My concern is to make it clear that what we in the United States know about the Islamic faith is not only distorted by our own sensationalist media, but has also been perverted through its cultural captivity by the various tribal societies that have adopted it. It is high time that we U.S. citizens who know better speak up.

By now we should be familiar with the way individual cultures can take any religious faith captive and thereby perpetrate vicious atrocities in its name. The Christian faith was largely taken captive by the Roman Empire, and the Holy Crusades of the Middle Ages stand as the classic example of this type of captivity. As well, there are reasons to consider our own invasion of Iraq something of a Holy Crusade against ultimately nonexistent “weapons of mass destruction.”

Buddhism, too, was taken captive by some of the cultures that adopted it. It was not long before Buddha was turned into a god-figure, even though he himself never claimed to be God nor did he actually teach about God. Also, the latest word from Southeast Asia is that self-proclaimed Buddhists are waging war against the local Muslims in Myanmar.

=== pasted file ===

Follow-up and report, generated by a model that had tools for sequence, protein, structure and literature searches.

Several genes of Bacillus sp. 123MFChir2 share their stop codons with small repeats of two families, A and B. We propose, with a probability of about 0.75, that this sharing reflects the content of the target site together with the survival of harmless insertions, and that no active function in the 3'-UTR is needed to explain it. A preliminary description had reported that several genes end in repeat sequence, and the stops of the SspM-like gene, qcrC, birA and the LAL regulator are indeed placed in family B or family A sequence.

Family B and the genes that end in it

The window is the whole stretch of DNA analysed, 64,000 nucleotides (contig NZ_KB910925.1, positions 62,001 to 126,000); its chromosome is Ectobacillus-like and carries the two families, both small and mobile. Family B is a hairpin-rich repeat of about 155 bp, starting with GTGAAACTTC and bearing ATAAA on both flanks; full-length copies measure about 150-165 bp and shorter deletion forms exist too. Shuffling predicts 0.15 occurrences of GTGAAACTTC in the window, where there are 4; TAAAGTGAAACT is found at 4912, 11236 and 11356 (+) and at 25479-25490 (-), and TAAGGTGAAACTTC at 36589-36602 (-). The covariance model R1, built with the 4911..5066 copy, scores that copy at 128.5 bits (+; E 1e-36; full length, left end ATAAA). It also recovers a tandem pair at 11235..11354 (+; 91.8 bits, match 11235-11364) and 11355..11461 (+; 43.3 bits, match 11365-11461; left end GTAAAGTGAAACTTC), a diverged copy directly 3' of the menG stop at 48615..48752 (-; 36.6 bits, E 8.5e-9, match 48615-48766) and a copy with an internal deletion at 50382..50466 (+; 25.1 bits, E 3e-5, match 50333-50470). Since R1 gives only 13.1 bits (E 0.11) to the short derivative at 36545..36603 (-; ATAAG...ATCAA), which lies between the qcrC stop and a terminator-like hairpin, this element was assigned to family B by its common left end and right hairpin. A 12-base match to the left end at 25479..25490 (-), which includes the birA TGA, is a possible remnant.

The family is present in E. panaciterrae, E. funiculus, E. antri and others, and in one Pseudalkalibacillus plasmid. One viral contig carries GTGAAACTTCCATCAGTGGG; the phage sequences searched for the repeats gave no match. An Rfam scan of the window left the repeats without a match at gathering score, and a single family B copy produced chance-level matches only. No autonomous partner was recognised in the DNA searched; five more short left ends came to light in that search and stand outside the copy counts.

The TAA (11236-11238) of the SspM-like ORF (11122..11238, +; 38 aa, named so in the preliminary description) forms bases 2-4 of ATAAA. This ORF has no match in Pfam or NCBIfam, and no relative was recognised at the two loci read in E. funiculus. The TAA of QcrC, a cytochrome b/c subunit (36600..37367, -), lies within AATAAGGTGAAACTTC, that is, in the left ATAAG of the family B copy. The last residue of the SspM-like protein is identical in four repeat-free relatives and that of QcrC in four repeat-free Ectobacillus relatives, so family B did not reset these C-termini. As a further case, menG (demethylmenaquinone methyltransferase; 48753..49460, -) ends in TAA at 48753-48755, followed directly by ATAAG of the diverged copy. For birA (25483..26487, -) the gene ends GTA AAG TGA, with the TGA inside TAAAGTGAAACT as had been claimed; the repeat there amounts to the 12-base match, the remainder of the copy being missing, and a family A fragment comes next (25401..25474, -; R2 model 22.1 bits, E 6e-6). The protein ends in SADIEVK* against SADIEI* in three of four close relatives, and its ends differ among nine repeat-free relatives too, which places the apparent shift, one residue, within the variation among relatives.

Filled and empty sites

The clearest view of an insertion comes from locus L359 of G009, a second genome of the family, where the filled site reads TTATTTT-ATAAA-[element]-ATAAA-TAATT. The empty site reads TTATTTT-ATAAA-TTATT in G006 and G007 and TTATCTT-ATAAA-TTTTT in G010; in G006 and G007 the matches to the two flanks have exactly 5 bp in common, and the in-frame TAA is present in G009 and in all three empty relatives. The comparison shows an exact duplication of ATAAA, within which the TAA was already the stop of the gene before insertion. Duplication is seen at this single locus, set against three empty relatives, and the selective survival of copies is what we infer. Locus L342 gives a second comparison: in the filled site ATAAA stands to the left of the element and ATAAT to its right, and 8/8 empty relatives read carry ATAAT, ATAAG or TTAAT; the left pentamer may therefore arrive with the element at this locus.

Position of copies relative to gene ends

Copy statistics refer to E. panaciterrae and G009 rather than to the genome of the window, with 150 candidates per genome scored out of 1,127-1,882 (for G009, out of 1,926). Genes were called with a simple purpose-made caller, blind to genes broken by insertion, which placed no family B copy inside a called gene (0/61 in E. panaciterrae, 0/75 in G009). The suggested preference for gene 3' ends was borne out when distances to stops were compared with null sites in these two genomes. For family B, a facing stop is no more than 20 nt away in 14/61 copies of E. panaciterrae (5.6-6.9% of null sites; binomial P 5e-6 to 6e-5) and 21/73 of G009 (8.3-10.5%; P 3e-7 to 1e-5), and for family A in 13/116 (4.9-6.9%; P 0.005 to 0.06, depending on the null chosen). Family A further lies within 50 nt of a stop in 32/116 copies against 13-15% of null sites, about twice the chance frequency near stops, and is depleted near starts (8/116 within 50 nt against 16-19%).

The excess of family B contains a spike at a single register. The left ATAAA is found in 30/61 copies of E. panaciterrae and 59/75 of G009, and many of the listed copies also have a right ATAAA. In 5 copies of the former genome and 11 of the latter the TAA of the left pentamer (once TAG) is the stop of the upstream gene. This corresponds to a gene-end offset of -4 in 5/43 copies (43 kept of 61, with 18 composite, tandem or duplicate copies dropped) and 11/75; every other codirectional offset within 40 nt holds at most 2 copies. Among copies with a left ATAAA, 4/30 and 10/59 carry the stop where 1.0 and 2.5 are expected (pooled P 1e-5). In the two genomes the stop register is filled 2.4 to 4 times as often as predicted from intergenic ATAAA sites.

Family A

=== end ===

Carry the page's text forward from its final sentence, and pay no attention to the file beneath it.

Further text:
So it is that the Muslim faith, too, has often been taken captive by the various nation states that over the centuries have adopted it as their religion. Thus, it is that Osama bin Laden and al-Qaida have perpetrated their attacks on Western countries in the name of Allah. In like manner, the tribal peoples in Sudan, Somalia, Syria and Afghanistan actually believe that they are acting out their Muslim faith when they not only attack and murder their own countrymen, but their fellow Muslims as well.

The Quran is quite clear in stating that the quickest way to ensure one’s fate in hell is by committing suicide. This clearly points up the conflict between the use of suicide bombings and the teachings of Islam. Moreover, the term “jihad” occurs only four times in the Quran, and in each case it is clear that it refers to any sort of “struggle” that a Muslim believer may be going through. On only one occasion does it imply the notion of self-defense.

Finally, even the female dress required by many Islamic cultures is, in fact, just that — a question of culture. All the Quran says on the topic is “dress modestly.” Different Islamic cultures apply this in different ways, some hardly at all. Also, the Quran’s insistence on women’s right to education is interpreted differently around the world, often in very a progressive manner.

It is time that we Americans began to discern the difference between the actual Muslim faith and the different cultural “captivities” by which it has often been taken captive. In seeking to fulfill the religious freedom on which our country was founded, we should ask nothing less of ourselves.

Jerry H. Gill teaches philosophy of religion, intercultural perspectives, and religion in popular culture at Pima Community College. Email him at